1. jordan Earls
  2. LightVM



Light VM stuff


  • Minimalistic assembler (bootstrap and then eventually implemented in LightVM?)
  • LightVM machine. A basic byte-by-byte interpreter in C


I designed my build system to be as easy and portable as possible. You can edit the CFLAGS variable in Makefile if needed for your architecture. Beyond that, you can build it with

$ make

And run unit tests with

$ make test

There is no install functionality and most likely never will be. Also, I despise ./configure scripts, so I assume you know enough about your platform to manually modify Makefile if needed


LightVM is a register based machine. It's a simple 16-bit machine with a 16-bit memory address space. So, 64K is currently it's memory limit.

LightVM is in no way "isolated". It will make basic error checks, but is in no way guaranteed to be secure. It DOES support dynamic code generation just like x86.

It is a von-neumann architecture rather than a havard architecture. This means that code IS data and vice-versa.

Each register is 16-bits. There are 16 registers, but registers really only function as a short cut into memory for keeping code short. Most registers are general purpose. There are some exceptions though

  • TR -- Truth Register. Used for conditional branches
  • SR -- Stack Register. Used for pushing and popping to the stack
  • IP -- Instruction Pointer. Controls where the VM is currently reading instructions from
  • CR -- Compare Register. Used for comparisons

Oddly enough, all registers are readable and writeable. This has the potential for some interesting "instructions"

Instructions are sort of fixed-width. They are 2 bytes usually. When an immediate is specified, then it is 4 bytes.

There are two primary modes of operation of the VM. 16-bit mode and 8-bit mode. Obviously some things are not intuitive in 8-bit mode though (immediates are still 2 bytes, so it's wasteful).

Opcode Architecture

In order to make implementation easier and smaller, I went with a RISC-ish architecture. It's not truly RISC, but it has a very terse standardized format for every opcode with a total of 3 special case opcodes that deviate from that format. Because of this, I can very easily have a "fetch" pipeline followed by an "operation" opcode. The length of the opcode and the argument(s) to the opcode can be gathered by a very quick scan through the top 4 bits of the opcode and the last 8 bits, mostly.

This standardized format of course has some interesting edge cases. For instance, it's possible to do mv r0, [100], but not possible to do mv [100], r0 because of the way immediates are indicated in an opcode.

I also avoided the design decision to make every opcode conditional. I figure a (usually) pointless branch on each opcode was wasteful.


The opcodes are very "pure". There is no flags register, so nothing other than the arguments you specify (or that are implied) are modified. As a result of no flags register, comparisons are very different. More detail can be gleemed from docs/compares.md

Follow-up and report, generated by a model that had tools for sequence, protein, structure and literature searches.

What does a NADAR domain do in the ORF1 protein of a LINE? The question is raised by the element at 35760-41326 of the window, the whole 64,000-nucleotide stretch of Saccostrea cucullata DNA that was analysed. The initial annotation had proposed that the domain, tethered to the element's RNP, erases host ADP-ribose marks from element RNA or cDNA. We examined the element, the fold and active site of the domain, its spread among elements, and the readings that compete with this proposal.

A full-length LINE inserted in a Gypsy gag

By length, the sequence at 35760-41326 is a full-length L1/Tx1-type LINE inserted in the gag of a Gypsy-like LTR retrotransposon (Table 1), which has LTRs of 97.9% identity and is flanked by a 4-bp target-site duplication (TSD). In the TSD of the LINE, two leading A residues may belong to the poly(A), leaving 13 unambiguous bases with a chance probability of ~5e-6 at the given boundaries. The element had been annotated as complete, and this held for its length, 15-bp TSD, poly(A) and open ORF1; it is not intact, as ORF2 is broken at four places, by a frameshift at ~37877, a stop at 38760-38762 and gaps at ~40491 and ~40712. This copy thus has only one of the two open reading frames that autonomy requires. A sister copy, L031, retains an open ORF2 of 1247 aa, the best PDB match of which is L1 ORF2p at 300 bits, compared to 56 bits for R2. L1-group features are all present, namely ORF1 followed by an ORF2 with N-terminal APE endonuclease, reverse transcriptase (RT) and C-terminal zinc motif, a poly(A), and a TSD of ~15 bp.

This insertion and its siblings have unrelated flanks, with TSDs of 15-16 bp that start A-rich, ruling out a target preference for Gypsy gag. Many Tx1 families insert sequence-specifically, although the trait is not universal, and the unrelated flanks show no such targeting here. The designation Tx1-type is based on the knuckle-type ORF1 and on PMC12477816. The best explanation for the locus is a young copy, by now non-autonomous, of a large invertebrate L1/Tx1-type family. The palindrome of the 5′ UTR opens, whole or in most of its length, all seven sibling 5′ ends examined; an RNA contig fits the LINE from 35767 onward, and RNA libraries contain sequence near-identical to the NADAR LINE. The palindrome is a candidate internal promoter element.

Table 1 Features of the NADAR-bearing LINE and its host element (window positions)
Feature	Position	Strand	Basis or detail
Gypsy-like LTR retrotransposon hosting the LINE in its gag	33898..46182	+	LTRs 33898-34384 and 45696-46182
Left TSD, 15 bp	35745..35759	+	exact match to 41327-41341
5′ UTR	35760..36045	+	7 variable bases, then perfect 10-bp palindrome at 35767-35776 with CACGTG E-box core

With the way I designed comparisons, instead of doing things like branch if carry is set, I went the higher level approach like set TR if CR is greater than X. Because I also support or and and attached to comparisons, this makes range comparisons extremely trivial.


Primary RAM can not be added or deleted and must be one continous block of memory. Obviously, this is the fastest RAM available.

VM memory can also be "added", but it is considered "extended" because it will be horribly slow due to having to scan through a list of extended memory for each operation

It's an option you can take, but it is faster to shovel data into general RAM if you need external DMA-like functionality.


Concurrency is currently a big pipe-dream. Multiple VM instances should not interfere with each other, BUT, a single VM having it's memory or some such modified across threads will probably break horribly.

Register Considerations

Actually, Registers are exactly 16-bits. However, memory up to 64-bytes is reserved, which happens to fit 2 banks of registers. This may be exploited in the future


It should have minimal libc requirements. Basically, you hand it a block of memory with the bytecode and it executes. There will also be a callback system for "breaking out" of the VM and into the actual machine to do things like print text

A useful program should be easily implemented in 1-2K of memory.

It will assume it is running on a little-endian architecture

No floating point or other special math support is planned at this point.

This VM is designed to be easily embedded and as portable as possible outside ofthe endianness issue

Again, this is currently designed to target very small devices. Primary targets at this point:

  • Mbed ARM boards (32K to 8K of RAM)
  • Competent AVR microcontrollors(at least 1K of RAM?)
  • Standard x86 PCs (for testing)


Everything is under the BSD 3-clause license, which boils down to you can use it for anything you want, but you can't claim you wrote it.